Can't make it all alone, Alisha Jordan is talking about the visible ink on her arms.
"That's what New York does to you. You get carried away sometimes."
There are tattooed lyrics scrawling around her right elbow. "It's from the song The Fairytale of New York. 'I turned my face away. And dreamed about you.' It was a rushed decision to say the least."
She laughs, infectiously. “Ah, sure, you get over to New York and you get excited. Ah no, I wouldn’t change them. They help me identify to New York.”
She’s home now, but intends to return soon, ideally with an All-Ireland medal. It must be won early; the junior football final against Wexford throws in at 11.45am Sunday morning.
But Jordan's journey is different from all the rest. It's horrific and with echoes of what happened to Dublin footballer Johnny Cooper last week. A bar tender, walking home with another woman in the wee hours of July 14th, 2012, along Katonah Avenue in The Bronx, Alisha was struck by a man wielding a concrete slab.
The injuries sustained are disturbing; fractured nose, teeth, cheekbone and skull which needed 15 stitches, the insertion of 10 metal plates in her head and two surgeries.
No ordinary young woman, she was back working – Moriarty’s on McLean avenue - the following January. “You can live a full, easy life just by bar tending and living off the tips alone.”
Then, against doctor’s orders, she eased back towards the football field.
“They told me to never play football again. I didn’t play contact for a while. I got a face mask made specially so that I could play. Thankfully now I don’t need it anymore.
“Obviously I had that split-second decision when I was going in for a 50-50 tackle. I’m probably the one taking the bigger risk but it’s not something I think of playing football anymore.
“I’ve totally put it behind me.”
By 2013’s end she had captained the Cavan team to the New York championship. So you are stubborn?
“Oh totally, 100 percent stubborn over everything! I was never going to just take the attack lying down or never let it defeat me. I use football as my crutch and I use the girls as my support system. It got me where I am today so I’m very thankful for it.”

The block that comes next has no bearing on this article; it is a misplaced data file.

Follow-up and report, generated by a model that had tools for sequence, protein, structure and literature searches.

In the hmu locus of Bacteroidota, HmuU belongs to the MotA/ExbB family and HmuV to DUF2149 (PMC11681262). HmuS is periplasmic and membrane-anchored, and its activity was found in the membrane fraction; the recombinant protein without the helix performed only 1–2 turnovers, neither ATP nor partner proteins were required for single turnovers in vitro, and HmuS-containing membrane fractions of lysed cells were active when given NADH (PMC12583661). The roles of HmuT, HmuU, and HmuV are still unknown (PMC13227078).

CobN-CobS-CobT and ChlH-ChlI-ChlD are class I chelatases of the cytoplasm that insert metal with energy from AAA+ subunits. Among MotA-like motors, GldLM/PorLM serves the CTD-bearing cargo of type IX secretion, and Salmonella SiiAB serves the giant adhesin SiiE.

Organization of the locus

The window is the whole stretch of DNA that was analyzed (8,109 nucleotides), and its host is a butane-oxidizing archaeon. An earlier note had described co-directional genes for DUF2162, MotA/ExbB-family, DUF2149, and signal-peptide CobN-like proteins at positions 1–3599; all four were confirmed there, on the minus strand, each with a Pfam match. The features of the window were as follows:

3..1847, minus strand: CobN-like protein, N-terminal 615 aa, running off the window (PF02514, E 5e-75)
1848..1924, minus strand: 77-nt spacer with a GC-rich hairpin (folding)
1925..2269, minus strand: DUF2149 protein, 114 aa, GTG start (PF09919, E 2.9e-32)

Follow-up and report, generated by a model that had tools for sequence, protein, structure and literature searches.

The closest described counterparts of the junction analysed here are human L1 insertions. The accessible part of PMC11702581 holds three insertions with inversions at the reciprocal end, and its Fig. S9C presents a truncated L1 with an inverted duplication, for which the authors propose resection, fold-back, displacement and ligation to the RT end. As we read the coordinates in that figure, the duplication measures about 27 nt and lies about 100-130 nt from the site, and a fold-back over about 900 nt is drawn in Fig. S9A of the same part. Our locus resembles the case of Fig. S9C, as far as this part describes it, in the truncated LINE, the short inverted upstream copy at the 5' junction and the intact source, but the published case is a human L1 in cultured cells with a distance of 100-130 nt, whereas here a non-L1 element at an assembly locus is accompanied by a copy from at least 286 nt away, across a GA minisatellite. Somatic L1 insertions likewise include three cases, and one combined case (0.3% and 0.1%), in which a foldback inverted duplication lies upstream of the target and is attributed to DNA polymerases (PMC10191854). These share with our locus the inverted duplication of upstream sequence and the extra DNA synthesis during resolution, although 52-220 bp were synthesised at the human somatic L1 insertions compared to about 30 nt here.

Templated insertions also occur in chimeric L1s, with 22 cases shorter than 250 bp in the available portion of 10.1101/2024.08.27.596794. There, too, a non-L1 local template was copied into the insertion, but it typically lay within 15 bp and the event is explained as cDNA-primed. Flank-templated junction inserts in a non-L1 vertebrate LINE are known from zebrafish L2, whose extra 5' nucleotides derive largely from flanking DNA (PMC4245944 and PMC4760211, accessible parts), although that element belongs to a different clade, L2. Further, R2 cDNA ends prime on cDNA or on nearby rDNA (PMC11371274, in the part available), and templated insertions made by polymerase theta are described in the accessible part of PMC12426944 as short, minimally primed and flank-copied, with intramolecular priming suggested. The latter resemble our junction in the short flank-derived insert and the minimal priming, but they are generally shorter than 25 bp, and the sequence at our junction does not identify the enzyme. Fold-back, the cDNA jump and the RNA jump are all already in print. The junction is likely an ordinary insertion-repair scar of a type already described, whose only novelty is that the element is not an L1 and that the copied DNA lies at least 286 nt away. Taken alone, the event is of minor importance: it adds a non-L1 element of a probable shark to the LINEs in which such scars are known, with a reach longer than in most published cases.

Where she was yesterday was Croke Park to promote Sunday’s three football finals (the main event being champions Cork versus Dublin at 4pm).
She doesn’t blame the city for the poor unfortunate timing of that night. As another Irish exile, Willie Clancy, told Bob Dylan way down in Greenwich Village one night in 1962, “No fear, no envy, no meanness”.
Not long after Sunday Jordan will leave her family in Skryne, county Meath and return to McLean avenue.
“I can’t wait to get back, it’s my home. I know I was just in the wrong place at the wrong time. It never made me afraid of New York and I don’t think anyone should be. Of course there’s bad people, but there’s bad people in every city in the world.”
She heard of Cooper’s equally terrible misfortune. “Yeah, it’s crazy. That’s what I mean: it could happen to anyone, anywhere. It’s about your luck. I know myself that I wasn’t actually personally targeted, I just so happened to run into the wrong person. I did suffer greatly because of it but I never went through the whole ‘why me?’ stage. It happened to me, I got over it, there was nothing I could do about it at that stage.”
Did you think like that before?
“No, definitely. Before I would have kept myself to myself. I was 19, was very emotional and very into how I looked. When something like this happens to you it changes your whole perspective on life.
“I think it’s definitely made me a better person and better at dealing with things.
“Especially with occasions like this coming up in Croke Park, I’m totally motivated to do it because after two years of suffering this is a place I deserve to be and this team deserve to be after being my support system and hopefully we’ll use that to our advantage on Sunday.”
Alisha Jordan will be part of the New York team to take on Wexford in the TG4 All Ireland Junior Championship at 11.45am in Croke Park this Sunday. Cork play Dublin in the senior final at 4pm, while Down and Fermanagh clash in the intermediate competition at 1.45pm.